Out-of-hospital Care of Critical Drug Overdoses Involving Cardiac Arrest


*University of Washington Medical Center, Emergency Medicine Service, Box 356123, Seattle, WA 98195-6123. E-mail: vparedes@u.washington.edu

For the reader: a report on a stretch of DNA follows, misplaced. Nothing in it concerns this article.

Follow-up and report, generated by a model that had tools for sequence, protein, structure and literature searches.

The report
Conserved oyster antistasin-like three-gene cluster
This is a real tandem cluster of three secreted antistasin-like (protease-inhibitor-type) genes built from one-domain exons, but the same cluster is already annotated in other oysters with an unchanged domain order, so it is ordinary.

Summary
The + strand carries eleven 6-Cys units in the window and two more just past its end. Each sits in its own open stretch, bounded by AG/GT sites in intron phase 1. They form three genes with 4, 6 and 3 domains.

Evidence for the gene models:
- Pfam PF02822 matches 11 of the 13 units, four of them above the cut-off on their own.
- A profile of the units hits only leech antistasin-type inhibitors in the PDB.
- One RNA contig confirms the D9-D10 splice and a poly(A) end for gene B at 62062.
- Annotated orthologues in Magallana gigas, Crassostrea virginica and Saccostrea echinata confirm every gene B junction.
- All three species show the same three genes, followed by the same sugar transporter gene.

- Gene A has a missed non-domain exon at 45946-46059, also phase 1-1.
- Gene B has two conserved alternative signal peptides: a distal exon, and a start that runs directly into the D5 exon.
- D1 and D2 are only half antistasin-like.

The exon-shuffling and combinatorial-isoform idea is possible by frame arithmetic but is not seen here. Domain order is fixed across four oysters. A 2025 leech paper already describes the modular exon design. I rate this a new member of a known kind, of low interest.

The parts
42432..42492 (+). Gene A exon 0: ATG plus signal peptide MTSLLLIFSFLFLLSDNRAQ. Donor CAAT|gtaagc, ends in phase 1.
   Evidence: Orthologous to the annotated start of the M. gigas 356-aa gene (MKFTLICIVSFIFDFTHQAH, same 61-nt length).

Objectives: Death from acute drug poisoning, also termed drug overdose, is a substantial public health problem. Little is known regarding the role of emergency medical services (EMS) in critical drug poisonings. This study investigates the involvement and potential mortality benefit of EMS for critical drug poisonings, characterized by cardiovascular collapse requiring cardiopulmonary resuscitation (CPR). Methods: The study population was composed of death events caused by acute drug poisoning, defined as poisoning deaths and deaths averted (persons successfully resuscitated from out-of-hospital cardiac arrest by EMS) in King County, Washington, during the year 2000. Results: Eleven persons were successfully resuscitated and 234 persons died from cardiac arrest caused by acute drug poisoning, for a total of 245 cardiac events. The EMS responded to 79.6% (195/245), attempted resuscitation in 34.7% (85/245), and successfully resuscitated 4.5% (11/245) of all events. Among the 85 persons for whom EMS attempted resuscitation, opioids, cocaine, and alcohol were the predominant drugs involved, although over half involved multiple drug classes. Among the 11 persons successfully resuscitated, return of circulation was achieved in six following EMS cardiopulmonary resuscitation alone, in one following CPR and defibrillation, and in the remaining four after additional advanced life support. Conclusions: In this community, EMS was involved in the majority of acute drug poisonings characterized by cardiovascular collapse and may potentially lower total mortality by approximately 4.5%. The results show that, in some survivors, return of spontaneous circulation may be achieved with CPR alone, suggesting a different pathophysiology in drug poisoning compared with cardiac arrest due to heart disease.